R0-N1 found himself going through his startup cycle again. The columns that made up his torso cycled up and down in sequence, then spun around one complete revolution. Realizing that he was yet again in unfamiliar surroundings, he muttered aloud, Now where am I? He could feel the thrum of distant engines, confirming that he was once again on a starship, a large one. Turning to get a better look around, he spotted a pair of biologics staring at him. One was in overalls, and beneath a patch that read “CT-7328,” the word “Cutter” was scrawled in ink. The other person wore white armor with faded paint on it. Barely visible, one shoulder had “Stretch” written on it in a stylized script. The man in overalls looked familiar, and seemed to match the images of many of the other men in R0-N1’s memory, though he didn’t know why. The armor was familiar, too. Do I know you? Have we met? he asked.
“What’d he say?” asked Stretch.
Cutter just looked at R0-N1, slack-jawed. “Never heard anything like that in my life. You said you have no idea where he came from?”
“Other than Inquisitor Morek’s ship, that’s right. It’s not defective, is it?”
As they spoke, R0-N1 rotated his body back and forth, listening.
“I’ll have to run a full diagnostic, but I don’t think so.” Speaking to R0-N1, he asked, “Can you understand us?”
Of course I understand you. Listen, if you can just… He rolled forward, lurching to a stop when the power cable pulled taut. I’m getting really tired of being attached to walls, guys.
Cutter held out a hand as if to catch him. “Whoa, there. You’re not going anywhere. You know we can’t understand a word you’re saying, right?”
R0-N1 spun his channels around and bounced the one bearing the accursed restraining bolt up and down a couple times before holding it up like a jumbo death stick on offer. Will you get rid of this thing?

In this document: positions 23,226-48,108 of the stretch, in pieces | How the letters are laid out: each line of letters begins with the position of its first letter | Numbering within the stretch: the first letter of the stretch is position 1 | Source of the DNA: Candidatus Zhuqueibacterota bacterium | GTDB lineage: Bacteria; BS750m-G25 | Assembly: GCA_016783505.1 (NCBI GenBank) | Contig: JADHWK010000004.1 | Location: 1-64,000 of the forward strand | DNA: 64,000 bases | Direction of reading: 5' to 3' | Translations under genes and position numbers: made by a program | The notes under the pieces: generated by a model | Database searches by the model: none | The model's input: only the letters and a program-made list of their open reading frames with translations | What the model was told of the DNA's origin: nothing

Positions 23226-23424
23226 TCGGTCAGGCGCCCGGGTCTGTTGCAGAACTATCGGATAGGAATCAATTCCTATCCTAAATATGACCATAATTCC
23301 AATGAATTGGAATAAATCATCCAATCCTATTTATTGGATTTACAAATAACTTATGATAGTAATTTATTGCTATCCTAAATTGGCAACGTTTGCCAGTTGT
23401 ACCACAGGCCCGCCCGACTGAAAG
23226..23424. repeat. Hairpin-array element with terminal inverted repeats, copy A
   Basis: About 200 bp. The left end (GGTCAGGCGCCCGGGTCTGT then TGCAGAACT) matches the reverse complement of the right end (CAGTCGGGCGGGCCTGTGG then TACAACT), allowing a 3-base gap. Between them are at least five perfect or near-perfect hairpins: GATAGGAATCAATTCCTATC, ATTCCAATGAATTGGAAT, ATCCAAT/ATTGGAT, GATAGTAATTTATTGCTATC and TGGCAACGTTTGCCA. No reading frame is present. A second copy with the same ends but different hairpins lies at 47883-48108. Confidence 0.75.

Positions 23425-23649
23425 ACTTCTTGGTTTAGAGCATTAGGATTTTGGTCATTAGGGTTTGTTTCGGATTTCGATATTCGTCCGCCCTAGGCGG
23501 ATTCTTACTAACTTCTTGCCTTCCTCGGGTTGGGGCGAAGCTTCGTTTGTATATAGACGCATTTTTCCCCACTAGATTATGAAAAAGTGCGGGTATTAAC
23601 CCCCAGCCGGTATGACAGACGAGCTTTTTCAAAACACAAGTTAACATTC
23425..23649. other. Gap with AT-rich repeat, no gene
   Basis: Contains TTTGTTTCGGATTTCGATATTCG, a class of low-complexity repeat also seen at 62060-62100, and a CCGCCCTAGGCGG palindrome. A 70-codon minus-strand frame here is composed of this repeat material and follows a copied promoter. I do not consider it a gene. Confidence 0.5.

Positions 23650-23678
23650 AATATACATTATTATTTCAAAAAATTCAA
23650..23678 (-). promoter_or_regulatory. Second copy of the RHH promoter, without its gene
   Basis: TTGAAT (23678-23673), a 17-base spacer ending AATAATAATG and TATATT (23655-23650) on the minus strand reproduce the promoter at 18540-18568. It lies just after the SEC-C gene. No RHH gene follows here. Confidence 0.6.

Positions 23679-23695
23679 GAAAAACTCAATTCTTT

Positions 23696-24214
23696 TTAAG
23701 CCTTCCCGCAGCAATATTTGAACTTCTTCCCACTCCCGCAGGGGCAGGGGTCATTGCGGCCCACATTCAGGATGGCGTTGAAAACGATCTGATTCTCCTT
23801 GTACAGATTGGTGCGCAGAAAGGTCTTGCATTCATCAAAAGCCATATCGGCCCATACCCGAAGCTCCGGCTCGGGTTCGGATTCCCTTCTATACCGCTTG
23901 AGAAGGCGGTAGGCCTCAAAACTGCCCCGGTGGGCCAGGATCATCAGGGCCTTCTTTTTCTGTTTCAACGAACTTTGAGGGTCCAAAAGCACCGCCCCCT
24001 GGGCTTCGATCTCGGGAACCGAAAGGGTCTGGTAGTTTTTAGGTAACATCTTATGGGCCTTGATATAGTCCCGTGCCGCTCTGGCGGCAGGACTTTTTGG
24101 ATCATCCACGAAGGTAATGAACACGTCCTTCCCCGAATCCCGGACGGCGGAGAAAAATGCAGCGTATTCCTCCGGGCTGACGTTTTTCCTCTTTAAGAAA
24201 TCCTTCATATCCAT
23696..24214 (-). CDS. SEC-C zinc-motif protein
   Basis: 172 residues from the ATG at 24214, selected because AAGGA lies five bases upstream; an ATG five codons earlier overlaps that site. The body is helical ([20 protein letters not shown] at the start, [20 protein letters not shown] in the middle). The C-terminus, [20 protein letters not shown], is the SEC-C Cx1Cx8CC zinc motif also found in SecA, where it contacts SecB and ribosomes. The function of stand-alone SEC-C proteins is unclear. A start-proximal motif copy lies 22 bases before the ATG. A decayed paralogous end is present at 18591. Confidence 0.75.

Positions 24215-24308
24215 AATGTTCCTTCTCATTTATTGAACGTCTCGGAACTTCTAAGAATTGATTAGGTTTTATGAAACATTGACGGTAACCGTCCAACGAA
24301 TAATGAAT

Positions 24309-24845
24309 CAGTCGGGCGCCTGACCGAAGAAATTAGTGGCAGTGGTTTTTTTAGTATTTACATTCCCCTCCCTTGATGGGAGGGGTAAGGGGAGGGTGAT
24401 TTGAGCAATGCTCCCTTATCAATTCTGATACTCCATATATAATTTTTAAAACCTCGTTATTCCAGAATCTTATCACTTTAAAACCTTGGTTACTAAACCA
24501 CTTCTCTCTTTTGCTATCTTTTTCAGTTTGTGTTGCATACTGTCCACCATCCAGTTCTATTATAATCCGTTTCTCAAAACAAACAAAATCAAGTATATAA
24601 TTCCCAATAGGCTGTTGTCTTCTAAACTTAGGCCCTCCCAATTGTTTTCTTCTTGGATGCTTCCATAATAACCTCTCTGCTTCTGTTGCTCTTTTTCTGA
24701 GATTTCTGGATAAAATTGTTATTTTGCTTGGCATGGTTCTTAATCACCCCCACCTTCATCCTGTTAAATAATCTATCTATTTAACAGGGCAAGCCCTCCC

The man chuckled. “Nice try, but no. I’m not removing your restraining bolt. Not until I know more about you and why it was put there in the first place. I’ve been burned by you astromechs before.” Turning back to his companion, he said, “Other than his vocalization circuits maybe being fried, I don’t think he’s seriously damaged. Just send someone for him when they need him. He’ll be ready.”
R0-N1 sat bewildered. He couldn’t remember meeting these specific biologics, but they clearly matched the images he had in his jumbled up memories. He thought they were…colleagues? Maybe. Somewhere he recalled a vague sense of danger, but he was unable to piece together why.
Think. Look around, what do you see?
He rotated his body around so that his optic sensor could take everything in, reaching out for audio and electromagnetic clues as well. He was in a maintenance shop of some kind, with piles of droids, parts, and assorted tools all around. Most of the droids seemed to be standard issue, and the collection included various astromechs, utility droids, a couple protocol droids, mostly what you would expect. There were also some…battle droids? Those didn’t seem to fit in.
The battle droids sparked a partial memory. Something about…a fire fight? He couldn’t be sure, nor was he entirely clear whether he had fought with them, or against them. Maybe that’s why they wouldn’t remove his restraining bolt. Were they afraid? No, that couldn’t be right. They would have just blasted him.
I need a data port, he thought. There must be one around here somewhere. He started to roll forward.
A booted foot jammed into R0-N1’s chassis, stopping him in his tracks. “Hey, where do you think you’re going? Just stay there until we’re done with you, all right?”
R0-N1 would have liked to just push past him, but as weak as his power reserves were, he didn’t dare try. Instead, he gave a small push against the man’s foot to register his protest at the situation, then withdrew back to his starting place. You’re not the boss of me, he thought.
That idea triggered a fresh round of failed memory searches. Wait, shouldn’t I have a master? Where is my master? Who is my master? All he got was a fresh round of scrambled images, with no clear connection between any of them. He let out the electronic equivalent of a sigh.
“I hear you, Roni.” He peered into the schematics on the screen in front of him. “If it makes you feel any better, I’m not having much luck trying to make sense of what’s going on inside your rusty innards, either. It’s like someone turned a rabid gundark loose on your memory banks. Maybe when the mission is complete we can take a closer look at you, eh?”